The Norse myths describe the massive Midgard serpent wrapped around the base of the Tree of Life; other myths claim dragons lurk in caves, grottoes, hills, glens, lakes, inside mountains. These stories are factual: dragons are present in the sacred sites matrix, though they aren't quite what you would think. The variously described ten "families" or choirs of angels are associated with the various features just mentioned.
There are even wormholes or "quick ways" by which you can travel almost instantaneously from one site to another across the planet. Many more correlations between the galaxy and Earth could be listed.
But by this time you are probably wondering: how did all this galactic stuff get here on the Earth? Was it brought? Did somebody come with a giant cookie cutter or stamp? Did people make their temples in imitation of these mythic archetypes? The full answer to this and many related questions is given in The Emerald Modem, which is meant to accompany The Galaxy on Earth. But the short answer is no, no, and no. The energy topology was here before the Earth was. It is in fact more the true Earth than the Earth we know is. It's the mold, the armature, the plan, the organizing field.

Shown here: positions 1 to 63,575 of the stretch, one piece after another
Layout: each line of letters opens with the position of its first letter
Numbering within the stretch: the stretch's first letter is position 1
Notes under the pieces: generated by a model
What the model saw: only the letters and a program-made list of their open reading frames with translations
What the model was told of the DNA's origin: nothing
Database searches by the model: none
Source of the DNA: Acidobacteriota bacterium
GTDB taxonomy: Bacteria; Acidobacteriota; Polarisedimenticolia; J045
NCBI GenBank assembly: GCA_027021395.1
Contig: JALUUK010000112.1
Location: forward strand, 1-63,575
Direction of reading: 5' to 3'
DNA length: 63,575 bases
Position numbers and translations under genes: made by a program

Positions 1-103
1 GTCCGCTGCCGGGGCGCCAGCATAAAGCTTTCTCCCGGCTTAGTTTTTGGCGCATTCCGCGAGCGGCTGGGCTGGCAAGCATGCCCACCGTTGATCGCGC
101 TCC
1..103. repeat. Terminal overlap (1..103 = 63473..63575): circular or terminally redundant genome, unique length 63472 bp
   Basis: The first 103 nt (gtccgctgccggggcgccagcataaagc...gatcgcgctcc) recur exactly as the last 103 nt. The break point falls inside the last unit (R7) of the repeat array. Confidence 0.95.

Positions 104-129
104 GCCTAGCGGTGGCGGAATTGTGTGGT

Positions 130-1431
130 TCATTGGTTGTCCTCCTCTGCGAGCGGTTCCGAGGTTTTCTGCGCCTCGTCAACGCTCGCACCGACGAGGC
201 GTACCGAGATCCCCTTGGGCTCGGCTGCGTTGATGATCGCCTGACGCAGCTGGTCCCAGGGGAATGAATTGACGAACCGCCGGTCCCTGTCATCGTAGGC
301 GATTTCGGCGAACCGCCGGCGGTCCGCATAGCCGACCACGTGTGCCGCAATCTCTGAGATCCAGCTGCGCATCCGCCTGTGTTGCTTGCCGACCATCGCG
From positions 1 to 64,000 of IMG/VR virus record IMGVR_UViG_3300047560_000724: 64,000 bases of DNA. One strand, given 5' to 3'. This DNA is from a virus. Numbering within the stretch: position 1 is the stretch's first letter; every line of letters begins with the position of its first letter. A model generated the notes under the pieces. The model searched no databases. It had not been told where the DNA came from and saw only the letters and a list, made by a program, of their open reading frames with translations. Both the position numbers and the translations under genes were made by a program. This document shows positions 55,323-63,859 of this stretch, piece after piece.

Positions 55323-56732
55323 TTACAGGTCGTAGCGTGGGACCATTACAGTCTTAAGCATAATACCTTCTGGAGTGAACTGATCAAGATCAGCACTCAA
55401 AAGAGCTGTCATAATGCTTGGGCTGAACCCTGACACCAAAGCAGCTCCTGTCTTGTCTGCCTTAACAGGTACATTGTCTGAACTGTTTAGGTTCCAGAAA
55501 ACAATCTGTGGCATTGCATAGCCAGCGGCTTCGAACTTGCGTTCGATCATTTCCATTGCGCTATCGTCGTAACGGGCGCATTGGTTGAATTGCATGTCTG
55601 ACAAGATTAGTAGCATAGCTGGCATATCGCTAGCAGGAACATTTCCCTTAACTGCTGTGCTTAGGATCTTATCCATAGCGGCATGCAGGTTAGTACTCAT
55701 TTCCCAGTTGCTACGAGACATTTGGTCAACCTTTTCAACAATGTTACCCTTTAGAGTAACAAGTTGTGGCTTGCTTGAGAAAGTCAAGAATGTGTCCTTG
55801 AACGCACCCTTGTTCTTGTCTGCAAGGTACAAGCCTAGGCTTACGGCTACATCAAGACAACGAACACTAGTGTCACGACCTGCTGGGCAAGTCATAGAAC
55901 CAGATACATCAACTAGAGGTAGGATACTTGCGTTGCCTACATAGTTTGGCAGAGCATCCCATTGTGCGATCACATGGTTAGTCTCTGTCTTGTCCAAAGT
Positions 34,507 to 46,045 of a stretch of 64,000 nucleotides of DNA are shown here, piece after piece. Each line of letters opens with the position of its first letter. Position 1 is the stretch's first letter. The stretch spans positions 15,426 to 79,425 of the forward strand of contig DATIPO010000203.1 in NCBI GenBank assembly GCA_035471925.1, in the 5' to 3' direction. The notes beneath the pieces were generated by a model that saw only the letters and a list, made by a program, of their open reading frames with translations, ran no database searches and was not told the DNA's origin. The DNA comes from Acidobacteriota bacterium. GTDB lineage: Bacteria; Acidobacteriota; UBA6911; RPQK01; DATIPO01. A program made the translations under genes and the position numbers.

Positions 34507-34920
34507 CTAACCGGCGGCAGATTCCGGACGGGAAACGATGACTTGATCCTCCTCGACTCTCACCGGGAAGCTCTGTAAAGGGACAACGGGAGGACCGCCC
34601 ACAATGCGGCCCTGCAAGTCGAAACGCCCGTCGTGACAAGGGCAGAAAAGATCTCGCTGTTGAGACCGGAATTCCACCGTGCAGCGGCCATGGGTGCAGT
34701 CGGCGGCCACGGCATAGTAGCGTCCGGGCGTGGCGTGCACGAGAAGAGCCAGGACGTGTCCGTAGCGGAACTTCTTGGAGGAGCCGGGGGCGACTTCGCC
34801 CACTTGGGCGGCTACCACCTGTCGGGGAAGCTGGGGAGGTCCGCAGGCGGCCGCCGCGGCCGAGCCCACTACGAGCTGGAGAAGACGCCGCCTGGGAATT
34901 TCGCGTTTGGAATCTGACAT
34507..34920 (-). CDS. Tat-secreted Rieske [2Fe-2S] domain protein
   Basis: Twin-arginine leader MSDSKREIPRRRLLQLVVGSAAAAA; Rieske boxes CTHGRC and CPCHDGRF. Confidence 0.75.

Imagine a transparent skin around the planet, like an aura. In this auric skin are all the features I've mentioned, and many I haven't. It is a multidimensional matrix teeming with galactic life. From out of this auric matrix emerges the physical planet, as if the galactic matrix births it. The planet retains copious birthmarks, imprints of all this teeming life of the galaxy.
In fact, the galactic matrix and the physical planet are one and the same, occupying the same space, but in different dimensions. Think of the Earth's visionary geography as lying close to the physical skin of the planet the way heat waves ripple just a bit above a hot summer landscape.